As the source of all our senses, thoughts, memories, movements, and other essential daily functions of our body, our nervous system has a tremendous impact on the way we age. The nervous system is composed of two main parts: the central nervous system, consisting of the brain and the spinal cord, and the peripheral nervous system, comprised of the nerves located throughout the body. We have increasing risks with age, such as stroke, traumatic injury, and age-related neurological diseases. All these conditions can cause significant neuronal damage. According to scientific research, the nervous system can potentially restore its function after damage. However, aged neurons have reduced axon regeneration capability. But why? We turned to an expert from the University of Florida’s faculty for some insight.
“Neurons Have the Potential to Restore Their Function After Injury”
Dr. Sung Min Han from UF’s Department of Physiology and Aging explained: “We must prevent the progression of a [nervous system] disease or diagnose it at the early stage. That is the best scenario, as we have no efficient treatment strategy to prevent and restore neurons damaged by injury and disease. It is known that our central nervous system, our brain, and our spinal cord cannot make any regeneration. So, if we have damage in our central nervous system, at this point, there’s limited opportunity to restore function. Changing the probability of these outcomes will therefore play a key role in limiting the nervous system’s impact on aging. Fortunately, some neurons can repair their damaged axon structure and restore function. Unfortunately, aging interferes with the axon recovery process.
Hopeful Discoveries Among the Research
Through his research, Dr. Han has seen some positive signs with regard to neuron damage, our health, and aging, including at least one remarkable discovery. “We’re focusing on mitochondria now: How mitochondria regulate regeneration by acutely responding to injury. When I cut the axon of live animals’ neurons, mitochondria in neurons change their behavior. Mitochondria dynamically move within the injured axon and position near the cut site. We found that mitochondria accumulation is required for axon regeneration. Interestingly, we can experimentally modulate mitochondria behavior and improve axon regeneration capability. The problem is that aging neurons have a reduced ability to boost mitochondria movement. Does it affect the reduced axon regeneration capability in aged neurons? We are investigating these questions now.” Dr. Han’s hope is that this newfound knowledge can eventually be harnessed to stem the detrimental effects of aging on neuron damage. “[We want to] figure out how mitochondria in a neuron can respond to age and damage and in contrast how neuronal stress influences our whole-body aging.”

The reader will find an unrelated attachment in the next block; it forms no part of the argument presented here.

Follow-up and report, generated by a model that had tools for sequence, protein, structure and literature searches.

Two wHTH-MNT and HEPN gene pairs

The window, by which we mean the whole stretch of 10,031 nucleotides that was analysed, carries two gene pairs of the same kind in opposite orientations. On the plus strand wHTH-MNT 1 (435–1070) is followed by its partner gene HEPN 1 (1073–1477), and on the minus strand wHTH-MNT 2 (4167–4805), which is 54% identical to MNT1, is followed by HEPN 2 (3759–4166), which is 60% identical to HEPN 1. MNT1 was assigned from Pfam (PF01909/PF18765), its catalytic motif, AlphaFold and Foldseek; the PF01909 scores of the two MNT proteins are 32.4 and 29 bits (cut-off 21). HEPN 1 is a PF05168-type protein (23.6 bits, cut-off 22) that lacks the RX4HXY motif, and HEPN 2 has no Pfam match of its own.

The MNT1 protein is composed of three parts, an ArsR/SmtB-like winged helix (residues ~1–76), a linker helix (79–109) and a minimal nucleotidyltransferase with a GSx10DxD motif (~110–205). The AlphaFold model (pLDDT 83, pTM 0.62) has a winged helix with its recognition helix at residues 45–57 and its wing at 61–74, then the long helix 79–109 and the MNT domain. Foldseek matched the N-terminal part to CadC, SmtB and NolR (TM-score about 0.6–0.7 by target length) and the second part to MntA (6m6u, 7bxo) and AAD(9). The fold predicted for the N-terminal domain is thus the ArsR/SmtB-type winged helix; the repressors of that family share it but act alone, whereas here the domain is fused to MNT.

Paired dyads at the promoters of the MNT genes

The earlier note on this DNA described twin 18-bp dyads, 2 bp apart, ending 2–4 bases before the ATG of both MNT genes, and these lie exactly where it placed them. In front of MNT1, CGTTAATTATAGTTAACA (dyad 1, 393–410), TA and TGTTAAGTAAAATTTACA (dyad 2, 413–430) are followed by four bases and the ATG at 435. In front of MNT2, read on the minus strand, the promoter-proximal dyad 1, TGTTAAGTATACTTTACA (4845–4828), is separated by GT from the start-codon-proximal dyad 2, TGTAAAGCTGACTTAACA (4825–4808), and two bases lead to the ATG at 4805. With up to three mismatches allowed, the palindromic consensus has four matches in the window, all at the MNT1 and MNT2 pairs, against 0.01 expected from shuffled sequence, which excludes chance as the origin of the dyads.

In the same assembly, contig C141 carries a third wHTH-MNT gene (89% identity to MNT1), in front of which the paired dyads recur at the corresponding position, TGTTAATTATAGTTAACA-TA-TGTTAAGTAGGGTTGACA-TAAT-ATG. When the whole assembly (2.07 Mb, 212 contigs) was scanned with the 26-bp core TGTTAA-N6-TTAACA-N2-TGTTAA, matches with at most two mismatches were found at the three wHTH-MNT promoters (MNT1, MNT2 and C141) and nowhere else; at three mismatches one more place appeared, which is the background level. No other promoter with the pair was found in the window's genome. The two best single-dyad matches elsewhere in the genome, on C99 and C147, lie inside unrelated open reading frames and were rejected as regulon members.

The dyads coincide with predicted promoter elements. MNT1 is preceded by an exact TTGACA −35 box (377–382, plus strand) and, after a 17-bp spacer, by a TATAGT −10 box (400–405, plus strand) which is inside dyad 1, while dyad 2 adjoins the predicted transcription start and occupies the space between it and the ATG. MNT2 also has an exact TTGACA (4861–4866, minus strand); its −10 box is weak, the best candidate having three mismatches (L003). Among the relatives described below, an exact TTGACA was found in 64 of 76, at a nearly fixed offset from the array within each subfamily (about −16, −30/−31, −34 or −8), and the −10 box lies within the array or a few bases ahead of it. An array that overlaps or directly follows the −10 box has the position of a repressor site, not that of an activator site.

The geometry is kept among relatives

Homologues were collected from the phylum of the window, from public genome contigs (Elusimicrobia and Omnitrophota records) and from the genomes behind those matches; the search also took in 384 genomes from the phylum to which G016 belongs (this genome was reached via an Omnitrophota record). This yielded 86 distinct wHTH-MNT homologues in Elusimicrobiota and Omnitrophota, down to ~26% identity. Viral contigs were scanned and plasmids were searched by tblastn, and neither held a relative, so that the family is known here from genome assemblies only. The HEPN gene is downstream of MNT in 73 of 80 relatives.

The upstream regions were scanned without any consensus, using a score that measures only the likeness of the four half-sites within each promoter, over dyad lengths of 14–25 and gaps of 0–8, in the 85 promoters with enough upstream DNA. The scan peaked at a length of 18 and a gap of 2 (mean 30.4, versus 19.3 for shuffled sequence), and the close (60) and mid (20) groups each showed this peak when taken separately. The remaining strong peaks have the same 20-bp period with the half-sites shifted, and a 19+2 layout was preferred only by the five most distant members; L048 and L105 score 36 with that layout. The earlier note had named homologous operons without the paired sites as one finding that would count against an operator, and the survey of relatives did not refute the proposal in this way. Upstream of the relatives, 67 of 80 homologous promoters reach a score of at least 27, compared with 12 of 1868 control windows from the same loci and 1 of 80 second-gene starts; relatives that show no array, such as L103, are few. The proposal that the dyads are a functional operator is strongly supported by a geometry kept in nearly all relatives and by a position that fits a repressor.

Study Gerontology With a Leading Researcher
As a faculty member of UF’s gerontology program, Dr. Han teaches courses including Clinical Neuroscience of Aging (GMS 6771), which explores the relationship between aging and change in brain systems and its links to clinical disorders. This course is an integral part of the curriculum of our online master’s degree in gerontology and Graduate Certificate in Aging and Geriatric Practice programs, which are available year-round. It’s also an elective course in our online master’s degree in medical physiology and aging program, also available year-round. Let’s look at these programs a little more closely now.
Your Choice for Online Credentials in Aging
UF offers flexible, expert-led online graduate gerontology programs that allow you to build the foundation for a new career or perform to a higher standard in your current profession:
Master’s Degree in Gerontology Benefits
- Prepares you to assist older adults in transitioning to a new stage of life
- Equips you to become an advocate for the unique needs of older adults
- Can be completed in as little as three semesters (30 credit hours)
- Will help you thrive in medical school and your professional life
Master’s Degree in Medical Physiology and Aging Benefits
- Provides training in how to effectively provide older adults with services as a gerontologist or quality health care as a geriatrician
- Prepares you to advocate for the unique needs of older adults, including their mental and physical health and independence
- Can be completed in as little as one year (30 credit hours)
Graduate Certificate in Aging and Geriatric Practice Benefits
- Considers the major human body systems in a geriatric context
- Prepares you to flourish in health-profession school
- Can be completed in as little as two semesters (15 credit hours)
Each of these UF graduate programs is:
- Accessible – Start and finish without taking the GRE, writing a thesis or visiting campus.
- Affordable – Our competitive tuition rates make earning a graduate credential a cost-effective investment.
- Convenient – Complete coursework on your schedule from anywhere in the world.
- Relevant – Stay on top of the latest research in the field with our regularly updated curriculum.
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